One cop, Andrew Blomberg, was acquitted last year in the beating of Chad Holley. Will the same happen for another Houston police officer, Drew Ryser? A trooper and Texas Ranger took the witness stand in his defense to explain why it should, using a vision and language that only they know. From the Houston Chron :
Jess Malone, a former state trooper who has assisted in the investigation of more than 100 police misconduct cases, said that Ryser’s hand strikes in the arrest of Holley, then 15, were justifiable given the situation.
Ryser admitted striking Holley during the arrest. However, he denied kicking Holley, saying a move seen in the video was a rugby maneuver called a “stab step.”
Malone testified that while he does not believe Ryser kicked Holley, doing so would also be within the confines of police protocol. “Kicking is perfectly legal,” Malone said. “It may be distasteful, but it’s legal.”
A kick becomes a “stab step.” Either way, perfectly legal.
Lying on the ground, flat on one’s stomach, hands above one’s head. It could be a “fighter’s stance” because “anything’s possible.”
Malone testified that the arrest scene was “very chaotic” and very risky. When asked by prosecutors if the risk dissipated when Holley was on the ground and being struck, Malone continued to defend the officers’ actions.
“There’s no obvious position of surrender until you are in custody,” the ex-Ranger said. “Anything’s possible.”
If you punched or “stab stepped” somebody’s head, it would be a beating, but when Ryser did it, it was “pain compliance.” It certainly looked painful.
Former Texas Ranger Chief Maurice Cook, the second witness called by the defense in Friday’s trial, reiterated the sentiments of his fellow Ranger on the stand.
“(Ryser) did act as a reasonable officer based on the totalitary of circumstances,” Cook said, calling Holley “an active resistor.”
Cook, who teaches law enforcement at Alvin Community College, said Ryser’s strikes to Holley’s head were permissible and identified them as “pain compliance.”
Prosecutor Tommy LaFon showed the arrest video to Malone on the stand and asked whether there was an attempt to arrest Holley before he was struck.
“The first contact that happens with Mr. Holley is several officers putting feet on him,” LaFon said referring to the kicks and knee strikes in the video. “Have you ever seen a police officer handcuff someone with their feet?”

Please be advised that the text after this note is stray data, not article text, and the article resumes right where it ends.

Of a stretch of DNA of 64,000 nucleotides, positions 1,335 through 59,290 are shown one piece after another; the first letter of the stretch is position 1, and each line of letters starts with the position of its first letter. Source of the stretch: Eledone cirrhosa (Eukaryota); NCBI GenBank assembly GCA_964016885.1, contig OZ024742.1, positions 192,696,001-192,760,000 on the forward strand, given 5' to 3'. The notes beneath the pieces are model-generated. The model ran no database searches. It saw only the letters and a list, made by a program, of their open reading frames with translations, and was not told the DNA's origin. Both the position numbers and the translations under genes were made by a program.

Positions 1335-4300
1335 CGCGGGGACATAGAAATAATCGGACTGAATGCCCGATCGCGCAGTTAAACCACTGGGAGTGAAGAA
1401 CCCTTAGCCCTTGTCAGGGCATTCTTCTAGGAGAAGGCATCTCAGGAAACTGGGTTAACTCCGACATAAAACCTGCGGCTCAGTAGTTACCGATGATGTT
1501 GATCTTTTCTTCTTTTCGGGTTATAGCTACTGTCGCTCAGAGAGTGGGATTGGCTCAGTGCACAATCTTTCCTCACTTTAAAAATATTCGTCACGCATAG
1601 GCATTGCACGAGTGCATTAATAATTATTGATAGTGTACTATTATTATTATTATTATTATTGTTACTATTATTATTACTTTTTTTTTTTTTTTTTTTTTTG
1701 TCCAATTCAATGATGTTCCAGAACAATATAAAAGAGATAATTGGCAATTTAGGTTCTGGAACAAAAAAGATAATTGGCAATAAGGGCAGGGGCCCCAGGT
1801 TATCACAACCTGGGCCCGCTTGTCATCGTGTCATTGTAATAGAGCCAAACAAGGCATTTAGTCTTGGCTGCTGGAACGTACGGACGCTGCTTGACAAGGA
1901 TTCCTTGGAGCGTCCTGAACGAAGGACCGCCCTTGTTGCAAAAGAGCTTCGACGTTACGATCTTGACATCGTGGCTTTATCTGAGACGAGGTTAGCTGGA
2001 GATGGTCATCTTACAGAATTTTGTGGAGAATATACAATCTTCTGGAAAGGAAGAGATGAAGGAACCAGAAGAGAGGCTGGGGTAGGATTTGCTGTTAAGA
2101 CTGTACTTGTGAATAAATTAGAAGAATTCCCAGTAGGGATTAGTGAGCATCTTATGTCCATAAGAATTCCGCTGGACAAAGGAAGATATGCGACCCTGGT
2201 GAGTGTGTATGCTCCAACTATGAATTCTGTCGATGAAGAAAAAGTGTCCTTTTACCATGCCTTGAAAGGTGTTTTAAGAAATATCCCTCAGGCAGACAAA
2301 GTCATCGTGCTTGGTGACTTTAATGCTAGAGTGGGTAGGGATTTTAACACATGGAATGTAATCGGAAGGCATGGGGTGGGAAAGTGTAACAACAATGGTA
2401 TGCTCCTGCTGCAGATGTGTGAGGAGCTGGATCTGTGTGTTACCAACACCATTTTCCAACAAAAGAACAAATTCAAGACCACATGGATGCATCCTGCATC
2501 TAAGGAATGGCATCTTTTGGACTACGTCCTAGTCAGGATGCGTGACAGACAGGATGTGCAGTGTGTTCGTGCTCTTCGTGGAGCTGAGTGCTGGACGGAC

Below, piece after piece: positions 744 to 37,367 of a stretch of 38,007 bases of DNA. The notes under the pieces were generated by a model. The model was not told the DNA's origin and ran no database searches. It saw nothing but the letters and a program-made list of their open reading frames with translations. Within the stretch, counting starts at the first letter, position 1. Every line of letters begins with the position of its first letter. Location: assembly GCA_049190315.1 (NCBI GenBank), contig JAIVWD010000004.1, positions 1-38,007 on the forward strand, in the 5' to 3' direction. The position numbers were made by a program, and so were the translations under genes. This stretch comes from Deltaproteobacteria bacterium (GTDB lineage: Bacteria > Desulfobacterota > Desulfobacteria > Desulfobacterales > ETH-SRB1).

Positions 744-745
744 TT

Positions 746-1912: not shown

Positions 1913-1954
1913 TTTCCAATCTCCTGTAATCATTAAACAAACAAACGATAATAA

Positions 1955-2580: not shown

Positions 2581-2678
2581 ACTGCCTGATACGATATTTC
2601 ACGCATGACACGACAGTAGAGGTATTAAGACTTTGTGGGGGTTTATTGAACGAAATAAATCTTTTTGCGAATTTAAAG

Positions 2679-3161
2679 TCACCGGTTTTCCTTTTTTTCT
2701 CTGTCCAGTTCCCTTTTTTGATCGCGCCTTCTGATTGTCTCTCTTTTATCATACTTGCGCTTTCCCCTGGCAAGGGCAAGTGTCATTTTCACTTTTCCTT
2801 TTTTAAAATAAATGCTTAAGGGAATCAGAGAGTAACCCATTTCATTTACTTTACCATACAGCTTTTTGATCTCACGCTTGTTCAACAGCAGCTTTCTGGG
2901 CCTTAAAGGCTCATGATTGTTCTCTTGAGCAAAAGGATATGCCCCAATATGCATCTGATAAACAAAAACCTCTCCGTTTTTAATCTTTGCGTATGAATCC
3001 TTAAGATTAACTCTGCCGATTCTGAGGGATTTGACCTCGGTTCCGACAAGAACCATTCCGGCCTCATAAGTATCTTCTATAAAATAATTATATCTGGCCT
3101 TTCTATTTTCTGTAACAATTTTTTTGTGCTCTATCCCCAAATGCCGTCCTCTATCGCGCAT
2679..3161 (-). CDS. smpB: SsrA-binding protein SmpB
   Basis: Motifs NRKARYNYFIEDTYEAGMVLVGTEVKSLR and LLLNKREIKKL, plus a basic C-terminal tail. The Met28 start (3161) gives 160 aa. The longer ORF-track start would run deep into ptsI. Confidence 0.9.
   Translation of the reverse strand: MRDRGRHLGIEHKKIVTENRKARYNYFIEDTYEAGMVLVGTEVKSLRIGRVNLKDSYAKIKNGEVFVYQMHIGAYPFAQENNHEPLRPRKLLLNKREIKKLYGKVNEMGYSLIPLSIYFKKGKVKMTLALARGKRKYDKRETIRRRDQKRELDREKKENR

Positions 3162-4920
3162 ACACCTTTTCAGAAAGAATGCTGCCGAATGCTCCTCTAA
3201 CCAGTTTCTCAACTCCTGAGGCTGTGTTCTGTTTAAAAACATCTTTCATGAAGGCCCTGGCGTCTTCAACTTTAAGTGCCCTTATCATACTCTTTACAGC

Obviously, LaFon doesn’t understand the language of cops, at least when it comes to Chad Holley. One can’t handcuff someone who hasn’t surrendered, and since there is “no obvious position of surrender,” and anything can happen, the police were left with no choice but to execute cop moves with cool names upon his head and body.
But this all happened three years ago, so you probably don’t recall that Chad Holley was then a 15-year-old being chased for a burglary. He was subsequently convicted of it in juvenile court and sentenced to probation. He had already received the requisite whoopin’. And this is the video of his arrest.
Or maybe they just make that stuff up right there on the stand, or perhaps they brainstorm it in the lawyer’s office, coming up with cool sounding words to describe when a police boot meets a perp’s face.
But if there is no position of “obvious surrender” — because it surely looks as if Chad Holley had obviously surrendered before he started attacking the cops’ boots with his head and body — then there is no conceptual ledge where the opportunity for “pain compliance” stops and the perp is deemed in custody, safe enough to hand cuff and, well, stop painfully compliance-making, so that the First Rule of Policing is satisfied and the Third Rule has been fully vindicated.
The Third Rule, you ask? That’s the one where the cops give the perp a good tune-up to remind him who’s boss and that making them run, before they’ve fully digested the earlier eaten donuts, and otherwise engage in physical activity, is unappreciated. The tape has no audio, but if it did, my guess is you would hear someone screaming, “take that for the Boston cream, take that for the jelly.”
And yet, the lexicon isn’t solely dedicated to recreating the beating of Chad Holley so that the defendant, Drew Ryser, doesn’t look like a cowardly thug beating a downed kid for kicks and to pretend he’s a tough, Texan hombre cop.
There is also the testimony of Former Texas Ranger Maurice Cooks who explains that you have to look at the “totalitary of the circumstances.” I bet he learned that from a federal court decision, where judges have long appreciated that these magic legal words mean that if you can find anything, any excuse whatsoever by broadening out one’s perspective to include utterly irrelevant, totally unrelated, completely disconnected, claims, then you can reach any outcome you want. It helps to know the lingo, which makes videos like the one of Chad Holley getting